On Sunday, the people of Crimea go to the polls in a referendum on whether to stay part of Ukraine.» Read More
Federal prosecutors have charged six alleged members of the Anonymous “hacktivist” group with conspiracy and computer hacking-related crimes after it emerged that an alleged leading member of the collective had turned informant of the Federal Bureau of Investigation, the Financial Times Reports.
European markets end the day down across the board, on concerns about Greece. SocGen, Unicredit lead European banking shares lower. The IIF says a disorderly Greek default would cost the euro zone $1.3 trillion. The Greek Finance Minister says the bond swap offer is final. And euro zone economic output was down .3 percent in Q4 compared to Q3. With Dan Greenhaus, BTIG chief global strategist.
European shares fall on renewed worries about Greek debt swap. BP shares rise on news of a $7.8 billion Gulf oil spill settlement. Euro zone retail sales rise .3 percent in January from December. Russia's Putin wins another Presidential term. Daimler says Mercedes-Benz sales up 20 percent in February vs. last year. With John Ryding, RDQ Economics.
Weighing in on why the decline in China's growth is normal and a look at the areas around the globe that are seeing growth, with Dan Greenhaus, BTIG, who says overall global growth is going to be slower in the next two years.
European shares were down on Monday due to concerns about the Greece debt swap deal, China's 2012 growth target, and Spain and Italy's struggling economies. However a strong performance from BP, after its lower-than-expected oil spill settlement, helped the FTSE 100 outperform.
U.S. stock futures pointed to a lower open for Wall Street on Monday, with concerns focused on China's lower-than-expected 2012 growth target, and tension in the Middle East.
"I see a very clear distinction between Italy and Spain," Bob Parker, Senior Advisor, Credit Suisse, told CNBC. "Spain has still got ongoing structural issues with high unemployment at 23 percent, the ongoing restructuring the savings banks, the 'caixas' plus the unwinding or the bursting of the real estate bubble. Italy, very different, high savings rate, we never had a consumer credit bubble, we never had a real estate bubble, I think there is a high probability that despite the weaker economic data, that the overall budget position in Italy in 2014 could be close to balance," he added.
"I don't expect that politicians can defend that savers earn 10 percent interest rate and do not consider a default of such high yields accordingly," Prof. Norbert Walter, managing director and economist at Walter & Tochter Consult, told CNBC. "Therefore, to bail in 'bail in' the private savers is quite natural," he added.
The market movers investors should watch next week, including data from China, the Greek debt swap deadline, and the jobs report, with Sarah Ketterer, Causeway Capital Management and Michael Yoshikami, Destination Wealth Management.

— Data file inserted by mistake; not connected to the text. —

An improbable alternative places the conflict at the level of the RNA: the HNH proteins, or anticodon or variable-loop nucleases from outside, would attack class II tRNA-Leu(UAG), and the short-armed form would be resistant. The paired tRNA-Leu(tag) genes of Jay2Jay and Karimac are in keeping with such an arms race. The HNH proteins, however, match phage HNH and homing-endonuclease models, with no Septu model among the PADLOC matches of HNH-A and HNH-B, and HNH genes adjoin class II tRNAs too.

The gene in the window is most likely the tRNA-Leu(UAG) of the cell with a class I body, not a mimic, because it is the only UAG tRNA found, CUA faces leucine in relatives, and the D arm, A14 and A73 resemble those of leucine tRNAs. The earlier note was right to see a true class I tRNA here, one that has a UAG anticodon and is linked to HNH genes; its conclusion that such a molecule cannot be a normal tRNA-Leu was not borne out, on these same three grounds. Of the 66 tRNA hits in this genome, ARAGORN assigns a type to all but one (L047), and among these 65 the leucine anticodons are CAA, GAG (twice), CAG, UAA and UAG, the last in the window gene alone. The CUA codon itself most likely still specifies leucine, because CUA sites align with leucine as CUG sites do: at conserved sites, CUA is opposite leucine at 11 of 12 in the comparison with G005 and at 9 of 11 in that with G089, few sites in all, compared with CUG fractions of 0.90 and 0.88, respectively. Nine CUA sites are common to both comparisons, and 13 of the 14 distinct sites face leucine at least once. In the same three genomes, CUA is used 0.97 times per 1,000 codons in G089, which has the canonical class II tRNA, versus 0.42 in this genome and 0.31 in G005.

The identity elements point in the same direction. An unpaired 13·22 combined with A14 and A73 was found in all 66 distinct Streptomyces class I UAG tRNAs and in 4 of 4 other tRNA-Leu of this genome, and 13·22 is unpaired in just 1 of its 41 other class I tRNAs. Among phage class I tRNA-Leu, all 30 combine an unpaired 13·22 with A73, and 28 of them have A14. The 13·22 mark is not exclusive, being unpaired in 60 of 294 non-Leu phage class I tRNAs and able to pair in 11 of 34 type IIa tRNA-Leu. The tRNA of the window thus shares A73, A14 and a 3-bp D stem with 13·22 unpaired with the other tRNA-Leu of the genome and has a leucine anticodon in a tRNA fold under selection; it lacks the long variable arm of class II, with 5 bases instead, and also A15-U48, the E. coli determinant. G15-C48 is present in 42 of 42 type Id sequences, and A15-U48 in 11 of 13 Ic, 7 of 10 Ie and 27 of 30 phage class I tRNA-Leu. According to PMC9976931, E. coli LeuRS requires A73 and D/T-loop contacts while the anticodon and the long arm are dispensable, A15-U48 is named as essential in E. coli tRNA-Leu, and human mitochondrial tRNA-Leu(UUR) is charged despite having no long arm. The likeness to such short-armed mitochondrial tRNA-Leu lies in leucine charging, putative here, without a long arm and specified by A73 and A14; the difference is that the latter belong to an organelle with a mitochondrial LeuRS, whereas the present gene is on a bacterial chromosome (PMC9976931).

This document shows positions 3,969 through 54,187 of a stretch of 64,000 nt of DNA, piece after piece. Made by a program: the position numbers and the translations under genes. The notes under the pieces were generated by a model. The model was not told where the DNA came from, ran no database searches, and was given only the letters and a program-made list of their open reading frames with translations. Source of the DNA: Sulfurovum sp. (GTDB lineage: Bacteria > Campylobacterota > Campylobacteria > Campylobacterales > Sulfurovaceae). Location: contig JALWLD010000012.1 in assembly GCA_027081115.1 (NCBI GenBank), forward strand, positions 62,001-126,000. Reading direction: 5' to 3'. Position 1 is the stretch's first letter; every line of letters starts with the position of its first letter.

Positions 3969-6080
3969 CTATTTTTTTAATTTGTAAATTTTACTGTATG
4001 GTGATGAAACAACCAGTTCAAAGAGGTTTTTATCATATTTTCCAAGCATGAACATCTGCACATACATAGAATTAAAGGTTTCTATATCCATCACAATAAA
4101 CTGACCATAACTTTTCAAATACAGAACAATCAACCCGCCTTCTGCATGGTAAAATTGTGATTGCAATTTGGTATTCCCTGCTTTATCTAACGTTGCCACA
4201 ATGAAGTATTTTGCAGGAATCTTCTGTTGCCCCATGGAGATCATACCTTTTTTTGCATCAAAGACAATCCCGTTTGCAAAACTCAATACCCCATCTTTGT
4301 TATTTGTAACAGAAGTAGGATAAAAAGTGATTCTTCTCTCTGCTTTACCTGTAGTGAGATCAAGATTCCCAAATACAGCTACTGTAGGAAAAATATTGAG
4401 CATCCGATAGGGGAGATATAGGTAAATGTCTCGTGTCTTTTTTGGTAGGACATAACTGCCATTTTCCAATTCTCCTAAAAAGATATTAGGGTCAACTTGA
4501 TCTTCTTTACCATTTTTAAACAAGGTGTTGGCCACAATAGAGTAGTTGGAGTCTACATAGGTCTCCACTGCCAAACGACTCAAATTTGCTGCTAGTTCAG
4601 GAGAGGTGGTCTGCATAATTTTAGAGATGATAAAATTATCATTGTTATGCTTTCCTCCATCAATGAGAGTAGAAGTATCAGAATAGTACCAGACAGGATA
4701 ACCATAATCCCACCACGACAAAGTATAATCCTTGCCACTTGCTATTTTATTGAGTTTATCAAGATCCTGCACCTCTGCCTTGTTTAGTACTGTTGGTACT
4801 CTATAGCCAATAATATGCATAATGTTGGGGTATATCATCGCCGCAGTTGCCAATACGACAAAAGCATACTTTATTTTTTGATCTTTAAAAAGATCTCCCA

European markets finish the week with a mixed results. Bank stocks are among the best performers. Analysts say ECB liquidity injection has eased fears, but the ECB's Draghi warns not to expect further injection of funds into banks. Spain intends to base 2012 budget on higher deficit target than stated earlier. With Jim Bianco, Bianco Research and Diane Swonk, Mesirow Financial.
Investing in Russia requires nerves of steel, says CNBC's Steve Liesman, who explains why Russia has been very very good and very very bad for foreign investors.
CNBC's Ross Westgate has a roundup of major European markets, pointing out that bond yields are falling on Spanish and Italian debt.
One-third of the world's billionaires call Russia home. CNBC's Steve Liesman reveals how the wealthiest Russians live.
The Euro is consolidating recent gains, trading just above 1.33 versus the U.S. dollar. MacNeil Curry, Bank of America Merrill Lynch, weighs in.
Investor confidence in Russia has recently waned thanks to political uncertainty, reports CNBC's Steve Liesman.
CNBC's Mandy Drury looks at the U.S. markets, which are up on good economic data. The S&P is up 9 percent on the year.
David Joyce, Miller Tabak analyst, and Tuna Amobi, S&P's Equity Research director, discuss whether James Murdoch stepping down from scandal-plagued News International will help parent company News Corporation.
CNBC's Mandy Drury reports on the U.S. markets giving up earlier gains, led lower by materials and energy stocks. Bernanke mentions job market far from normal. GDP expands at 3 percent pace. GM and Peugeot Citroen agree to form alliance. And James Murdoch steps down as executive chairman of News International.
Rep. Ron Paul (R-TX) questions Federal Reserve chairman Ben Bernanke on alternative currencies.
Antoine Halff, head of oil industry and markets at IEA, says that the oil market is "concerned but quiet" on the developments in Ukraine, because the country is not a major transit area for oil.
Richard Hunter, head of U.K. equities at Hargreaves Lansdown, and Daniel Lacalle, senior portfolio manager at Ecofin, discuss the recent profit-taking in stock markets.
After hours of "candid and frank" discussions, Russia made it clear that it would not take any decisions on Crimea until after Sunday's referendum, while the U.S. reiterated it viewed this event as illegitimate, says U.S. Secretary of State John Kerry.